Cutting the inferior canthal ligament/tendon.

If this procedure is insufficient (ie, IOP remains >40 mm Hg), the superior portion of the lateral tendon can be dissected and then cut, taking care to avoid the lacrimal gland. See video below.

Verifying laxity of the lower lid after inferior cantholysis.


Orbital compartment syndrome is an ocular emergency that requires early recognition and treatment to prevent blindness.

Some key points to keep in mind include the following:

  • Treatment should not be delayed to obtain imaging.
  • The essential component that relieves the orbital pressure is the cantholysis, not the canthotomy.
  • Maintain firm retraction on the lower lid; if procedure is adequate, the lower lid should elevate completely off the globe.
  • When cutting the canthal ligament, aim inferoposteriorly toward the lateral rim [19] to avoid injury to the levator muscle, lacrimal gland, and lacrimal artery, which are located superiorly. [16]
  • The eyelid wound may bleed profusely, but there is very little drainage from the retrobulbar hematoma itself. [20]
  • The surgeon will feel the lower lid pop upward after successful inferior cantholysis, and the lower lid will be completely mobile with inferior cantholysis. [16, 21]
  • Tonometry and globe palpation are contraindicated in patients with an open globe injury.
  • A successful procedure is marked by improved visual acuity, resolution of a previously detected afferent pupillary defect, and decrease in IOP to below 40 mm Hg. [22] Note that proptosis and extraocular motion testing are less reliable indicators of procedure success. [23]
  • If inferior cantholysis does not decrease the orbital pressure, complete release of the inferior canthal tendon should be confirmed before proceeding to superior cantholysis. If the latter does not decrease the intraocular pressure, orbital decompression should be considered.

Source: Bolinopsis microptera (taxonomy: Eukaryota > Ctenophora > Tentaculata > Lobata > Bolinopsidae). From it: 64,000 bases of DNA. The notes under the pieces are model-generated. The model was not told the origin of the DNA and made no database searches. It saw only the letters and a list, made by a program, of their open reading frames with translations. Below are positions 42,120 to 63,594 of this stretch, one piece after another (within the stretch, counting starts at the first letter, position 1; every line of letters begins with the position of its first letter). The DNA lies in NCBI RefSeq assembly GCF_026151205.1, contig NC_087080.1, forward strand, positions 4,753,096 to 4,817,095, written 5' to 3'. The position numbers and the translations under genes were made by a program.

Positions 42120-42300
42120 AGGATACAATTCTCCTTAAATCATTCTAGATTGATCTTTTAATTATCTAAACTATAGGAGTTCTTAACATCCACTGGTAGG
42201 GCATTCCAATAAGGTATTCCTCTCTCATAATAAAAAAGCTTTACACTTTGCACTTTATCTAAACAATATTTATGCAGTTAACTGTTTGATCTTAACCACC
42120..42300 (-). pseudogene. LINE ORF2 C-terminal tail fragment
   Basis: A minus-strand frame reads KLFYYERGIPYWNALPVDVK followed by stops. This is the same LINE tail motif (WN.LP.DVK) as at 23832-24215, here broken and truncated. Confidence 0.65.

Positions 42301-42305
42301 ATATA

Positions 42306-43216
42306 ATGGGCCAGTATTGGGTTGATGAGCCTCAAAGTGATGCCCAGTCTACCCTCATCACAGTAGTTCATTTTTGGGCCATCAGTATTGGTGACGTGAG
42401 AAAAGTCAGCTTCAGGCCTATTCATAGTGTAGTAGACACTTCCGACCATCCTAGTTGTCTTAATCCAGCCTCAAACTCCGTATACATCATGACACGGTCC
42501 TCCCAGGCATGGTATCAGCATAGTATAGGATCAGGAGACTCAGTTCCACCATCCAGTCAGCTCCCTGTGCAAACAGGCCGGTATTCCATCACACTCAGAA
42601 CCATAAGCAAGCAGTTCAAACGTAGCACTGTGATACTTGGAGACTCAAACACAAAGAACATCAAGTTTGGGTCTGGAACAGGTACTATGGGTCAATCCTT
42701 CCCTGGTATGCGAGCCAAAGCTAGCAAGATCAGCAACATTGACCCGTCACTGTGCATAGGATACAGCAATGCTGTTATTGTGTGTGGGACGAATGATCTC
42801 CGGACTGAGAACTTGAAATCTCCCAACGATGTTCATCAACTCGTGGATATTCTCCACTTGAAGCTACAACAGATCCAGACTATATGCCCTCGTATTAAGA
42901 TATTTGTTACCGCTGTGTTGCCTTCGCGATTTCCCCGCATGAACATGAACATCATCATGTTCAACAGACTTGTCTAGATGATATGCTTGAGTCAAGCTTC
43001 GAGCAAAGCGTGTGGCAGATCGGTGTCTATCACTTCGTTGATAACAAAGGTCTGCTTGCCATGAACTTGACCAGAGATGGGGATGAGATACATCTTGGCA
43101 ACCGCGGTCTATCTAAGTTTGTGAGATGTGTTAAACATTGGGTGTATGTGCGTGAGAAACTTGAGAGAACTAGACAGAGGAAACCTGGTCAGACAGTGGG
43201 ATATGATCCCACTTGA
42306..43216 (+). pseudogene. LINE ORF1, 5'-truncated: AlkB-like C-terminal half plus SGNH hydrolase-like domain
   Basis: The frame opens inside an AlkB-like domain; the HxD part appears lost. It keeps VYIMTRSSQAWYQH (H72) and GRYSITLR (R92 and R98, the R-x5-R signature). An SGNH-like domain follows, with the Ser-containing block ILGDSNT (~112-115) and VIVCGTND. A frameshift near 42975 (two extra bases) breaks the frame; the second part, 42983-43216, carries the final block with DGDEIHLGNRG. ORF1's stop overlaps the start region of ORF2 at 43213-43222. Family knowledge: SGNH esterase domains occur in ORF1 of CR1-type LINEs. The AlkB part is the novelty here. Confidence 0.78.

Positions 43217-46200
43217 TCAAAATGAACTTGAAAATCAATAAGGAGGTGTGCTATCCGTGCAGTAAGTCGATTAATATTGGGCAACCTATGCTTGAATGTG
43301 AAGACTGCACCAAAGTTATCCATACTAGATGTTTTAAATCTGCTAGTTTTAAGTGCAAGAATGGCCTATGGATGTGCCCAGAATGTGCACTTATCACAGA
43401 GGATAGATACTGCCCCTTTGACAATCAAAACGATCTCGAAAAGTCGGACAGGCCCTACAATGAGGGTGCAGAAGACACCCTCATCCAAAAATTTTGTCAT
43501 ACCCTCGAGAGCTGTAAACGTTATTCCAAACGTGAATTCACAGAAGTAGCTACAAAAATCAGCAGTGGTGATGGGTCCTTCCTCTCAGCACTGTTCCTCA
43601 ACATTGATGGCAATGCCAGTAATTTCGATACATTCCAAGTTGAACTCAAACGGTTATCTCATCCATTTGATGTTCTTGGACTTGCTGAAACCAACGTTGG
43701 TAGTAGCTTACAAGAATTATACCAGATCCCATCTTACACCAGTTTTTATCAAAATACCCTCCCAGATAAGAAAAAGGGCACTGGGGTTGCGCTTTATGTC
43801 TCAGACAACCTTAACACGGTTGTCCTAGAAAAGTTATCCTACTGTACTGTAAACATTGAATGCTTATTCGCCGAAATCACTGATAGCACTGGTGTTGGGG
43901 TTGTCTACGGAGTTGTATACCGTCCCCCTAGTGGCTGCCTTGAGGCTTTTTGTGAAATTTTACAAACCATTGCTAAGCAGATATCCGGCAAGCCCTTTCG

Whenever feasible, seek emergent consultation with an ophthalmologist when this procedure is performed.

The relative afferent pupillary defect, or Marcus Gunn pupil, is tested using the swinging flashlight test. The result is positive when the affected pupil appears to dilate in response to light (the other normal pupil also dilates when light is shone in the affected eye). Both pupils constrict when the light is shone in the normal eye. The Marcus Gunn pupil results from injury to the afferent fibers of cranial nerve II of the defective eye, whereas the efferent signals from cranial nerve III of the normal eye are uninjured.

For more information, see the Medscape Reference article Neuro-Ophthalmic Examination.



Complications include incomplete cantholysis, iatrogenic injury to the globe or lateral rectus, lower eyelid ectropion, ptosis due to damage to the levator aponeurosis, which is located superiorly2030; and injury to the lacrimal gland and lacrimal artery, which also lie superiorly. Less common complications include bleeding and infection. Extensive cantholysis may result in ectropion. [20] Irreversible vision loss can occur if ischemia time is greater than 90-120 minutes.

If there is corneal exposure, lubricating ointment and a plastic moisture chamber (eg, Tegaderm patch) can be applied without pressure on the globe. Do not apply cotton patches or pressure patches over a proptotic globe.


Accurate Tonometry in the Emergency Department

Despite best attempts to obtain an accurate intraocular pressure measurement in the emergency department, the tonometry reading occasionally is high because of a challenge in opening the swollen eyelids. In this case, a paperclip could be fashioned to create an eyelid retractor and avoid inadvertently compressing the globe while opening tight eyelids.